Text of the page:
Clinical and Microbiological Profile of Diabetic Ulcer Foot in Government Rajaji Hospital, Madurai

Jaideep, P (2017) Clinical and Microbiological Profile of Diabetic Ulcer Foot in Government Rajaji Hospital, Madurai. Masters thesis, Madurai Medical College, Madurai.

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Abstract

BACKGROUND AND OBJECTIVE: Diabetic foot ulcers are one of the major medical, social and economic problems and one of the leading causes of hospitalization for patients with diabetes all over the world. Infection may lead to amputation of the infected foot if it is not promptly treated. My study was undertaken with the aim of determining the clinical and microbiological profile of diabetic ulcer foot in Government Rajaji Hospital, Madurai. In this study various clinical parameters, prevalence of Methicillin Resistant Staphylococcus aureus and the antibiotic resistance pattern of the bacterial isolates obtained were studied to reduce the risk of complications. METHODS: A prospective study of 6 months, from March 2016 to August 2016, where patients presenting with diabetic ulcer foot in GRH Madurai will be recruited for this study. A total of 200 patients with diabetic foot will be included in the study and classified according to Wagner's grade. Following consent, a questionnaire will be filled to record the patient's demographic data, duration of diabetes, method of diabetic control, history of smoking, wound duration, and previous history of treatment. Peripheral neuropathy was assessed by touch sensation with pin prick, cotton, and peripheral vascular disease by palpation of dorsalis pedis artery and posterior tibial artery. Pus and tissue biopsy specimens will be obtained for bacteriological study. Culture, isolation, antibiotic sensitivity and identification of the microorganisms will be done according to standard microbiological procedures. Antimicrobial susceptibility testing will be performed by Kirby Bauer disc diffusion method as recommended by the Clinical and Laboratory standards Institute. RESULTS: Out of the 200 patients included in the study 73% were males with 72% of patients being above the age of 50 years. Average duration of ulcer was 24.94 ±4.9 days and mean duration of DM was 5.64±3.2 years. 65.5% of population was on treatment for DM with OHA alone. 37.5% of the patients had no form of formal education and a further 55% had no knowledge about diabetic foot care, with only 39.5% having a regular foot wear wearing habit. While 71.5% had history of previuos foot ulcer, 60.5% gave a history of pre-disposing trauma to foot. Ulcers were more common 61.5% on the right foot, with sole, 53% being the most common site. Maximum number of ulcers,30% were Wagner’s grade III with, peripheral neuropathy, 57% being the most common complication associated. A large majority of the patients 69% had poor glycemic control as characterised by high HbA1C levels. Amongst the 200 samples cultured, 250 aerobic organisms were isolated showing a high prevalence of multibacterial infection. 55.6% of them were were Gram negative and 44.4% were Gram positive. Most common organism was Staphyloccal spp (38%), while 16.8% of the Staphylococcal isolates being MRS spp followed by Klebsiella spp (30.8%), Escherichia coli (7.2%), Streptococcus spp (6.4%), Proteus spp (6%), Psuedomonas spp (4.8%), Enterococci (4%), and Actinomycetes spp (2.8%). Most of the Gram negative isolates were sensitive to Imipenem and piperacillin/ tazobactam. Out of the 95 Staphylococcal spp, 16 were MRSA. INTERPRETATION AND CONCLUSION: A majority of the diabetic patients had little knowledge about diabetic foot care, with no proper foot wear usage with poor glycemic control and peripheral neuropathy. Moreover late presentation to the hospital was noted with a higher grade of foot ulcer. Staphylococcal aureus was the most common organism isolated, a small fraction of them showing methicillin resistance, followed by Klebsiella spp. Many of the isolates showed multi drug resistance. A combination of levofloxacin (flouroquinolones) with gentamycin is a better choice for diabetic foot ulcer infections caused by Gram negative and positive organisms. In more severe life threatening infections linezolid/ vancomycin for MRSA coverage and imipenem for Gram negative coverage can be considered.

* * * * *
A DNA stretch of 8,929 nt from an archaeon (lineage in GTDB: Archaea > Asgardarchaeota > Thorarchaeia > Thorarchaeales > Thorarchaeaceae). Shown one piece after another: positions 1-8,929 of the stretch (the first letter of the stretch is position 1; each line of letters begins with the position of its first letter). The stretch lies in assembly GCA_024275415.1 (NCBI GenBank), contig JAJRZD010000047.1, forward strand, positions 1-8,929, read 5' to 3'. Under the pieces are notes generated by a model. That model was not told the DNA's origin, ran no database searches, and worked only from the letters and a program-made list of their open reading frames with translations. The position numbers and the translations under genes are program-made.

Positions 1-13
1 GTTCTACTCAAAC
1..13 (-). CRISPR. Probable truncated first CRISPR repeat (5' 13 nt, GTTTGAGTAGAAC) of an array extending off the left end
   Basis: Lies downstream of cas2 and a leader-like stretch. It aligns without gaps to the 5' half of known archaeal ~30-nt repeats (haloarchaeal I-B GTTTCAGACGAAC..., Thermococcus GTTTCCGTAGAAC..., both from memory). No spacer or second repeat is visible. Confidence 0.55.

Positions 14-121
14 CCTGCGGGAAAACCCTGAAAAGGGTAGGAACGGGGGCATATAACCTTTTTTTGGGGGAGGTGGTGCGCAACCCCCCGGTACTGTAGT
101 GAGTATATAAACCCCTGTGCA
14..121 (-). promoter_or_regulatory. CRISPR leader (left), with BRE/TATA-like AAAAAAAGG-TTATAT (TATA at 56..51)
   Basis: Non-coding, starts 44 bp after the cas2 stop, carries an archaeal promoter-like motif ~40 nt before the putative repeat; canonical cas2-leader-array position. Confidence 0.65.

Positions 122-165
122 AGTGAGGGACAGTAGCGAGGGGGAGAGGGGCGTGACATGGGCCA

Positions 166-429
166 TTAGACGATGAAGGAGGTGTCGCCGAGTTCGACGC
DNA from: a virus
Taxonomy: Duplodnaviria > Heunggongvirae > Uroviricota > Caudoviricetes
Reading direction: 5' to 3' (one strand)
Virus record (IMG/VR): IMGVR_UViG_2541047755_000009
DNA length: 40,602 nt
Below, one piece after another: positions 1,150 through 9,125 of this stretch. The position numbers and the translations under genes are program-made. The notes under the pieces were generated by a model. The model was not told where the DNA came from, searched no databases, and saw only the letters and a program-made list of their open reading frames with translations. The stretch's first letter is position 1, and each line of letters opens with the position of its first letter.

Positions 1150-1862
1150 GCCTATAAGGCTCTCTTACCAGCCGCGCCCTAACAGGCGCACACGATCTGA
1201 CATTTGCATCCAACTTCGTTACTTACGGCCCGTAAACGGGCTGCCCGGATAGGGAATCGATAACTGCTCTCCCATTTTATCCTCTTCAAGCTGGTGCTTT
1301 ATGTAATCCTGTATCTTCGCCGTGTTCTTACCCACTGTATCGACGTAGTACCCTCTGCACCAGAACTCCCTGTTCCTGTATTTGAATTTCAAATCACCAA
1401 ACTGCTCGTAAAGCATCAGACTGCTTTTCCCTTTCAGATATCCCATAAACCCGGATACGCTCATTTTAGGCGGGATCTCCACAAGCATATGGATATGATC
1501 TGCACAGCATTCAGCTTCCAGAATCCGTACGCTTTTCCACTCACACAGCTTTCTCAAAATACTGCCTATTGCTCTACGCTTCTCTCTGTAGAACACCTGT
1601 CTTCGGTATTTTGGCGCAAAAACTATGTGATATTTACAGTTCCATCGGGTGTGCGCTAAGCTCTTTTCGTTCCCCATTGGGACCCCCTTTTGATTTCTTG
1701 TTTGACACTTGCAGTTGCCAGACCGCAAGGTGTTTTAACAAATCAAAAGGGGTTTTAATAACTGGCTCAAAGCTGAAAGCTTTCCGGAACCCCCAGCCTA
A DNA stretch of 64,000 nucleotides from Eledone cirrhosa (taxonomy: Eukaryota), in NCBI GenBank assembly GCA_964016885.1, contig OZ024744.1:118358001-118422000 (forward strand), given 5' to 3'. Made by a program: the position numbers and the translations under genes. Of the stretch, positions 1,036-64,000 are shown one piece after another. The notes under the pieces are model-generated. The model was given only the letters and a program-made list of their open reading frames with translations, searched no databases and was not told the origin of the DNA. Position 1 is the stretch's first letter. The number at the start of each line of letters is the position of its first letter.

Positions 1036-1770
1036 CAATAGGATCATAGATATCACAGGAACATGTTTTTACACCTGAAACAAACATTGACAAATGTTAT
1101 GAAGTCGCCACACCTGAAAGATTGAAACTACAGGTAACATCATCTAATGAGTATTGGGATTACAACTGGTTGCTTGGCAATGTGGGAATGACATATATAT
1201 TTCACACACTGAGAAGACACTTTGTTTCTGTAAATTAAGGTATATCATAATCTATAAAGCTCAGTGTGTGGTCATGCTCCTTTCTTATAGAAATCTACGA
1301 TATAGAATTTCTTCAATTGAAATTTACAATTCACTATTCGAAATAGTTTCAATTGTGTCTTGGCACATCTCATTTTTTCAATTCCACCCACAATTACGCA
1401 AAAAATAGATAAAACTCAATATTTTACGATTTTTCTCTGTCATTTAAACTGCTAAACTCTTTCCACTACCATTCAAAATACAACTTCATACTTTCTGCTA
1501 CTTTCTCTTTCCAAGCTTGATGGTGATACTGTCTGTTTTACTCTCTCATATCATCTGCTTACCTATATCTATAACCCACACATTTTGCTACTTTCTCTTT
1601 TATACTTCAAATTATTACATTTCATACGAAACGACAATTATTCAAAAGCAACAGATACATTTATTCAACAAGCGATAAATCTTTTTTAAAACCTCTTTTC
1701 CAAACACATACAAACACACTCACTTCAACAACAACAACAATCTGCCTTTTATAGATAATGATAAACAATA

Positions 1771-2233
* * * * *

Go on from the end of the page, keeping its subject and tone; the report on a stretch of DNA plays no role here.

Item Type: Thesis (Masters)
Additional Information: Reg.No.221411106
Uncontrolled Keywords: Diabetic ulcer foot, clinical profile, microbiological profile, antibiotic sensitivity, MRSA.
Subjects: MEDICAL > General Surgery
Depositing User: Subramani R
Date Deposited: 18 Jul 2020 17:20
Last Modified: 19 Jul 2020 03:11
URI: http://repository-tnmgrmu.ac.in/id/eprint/12544

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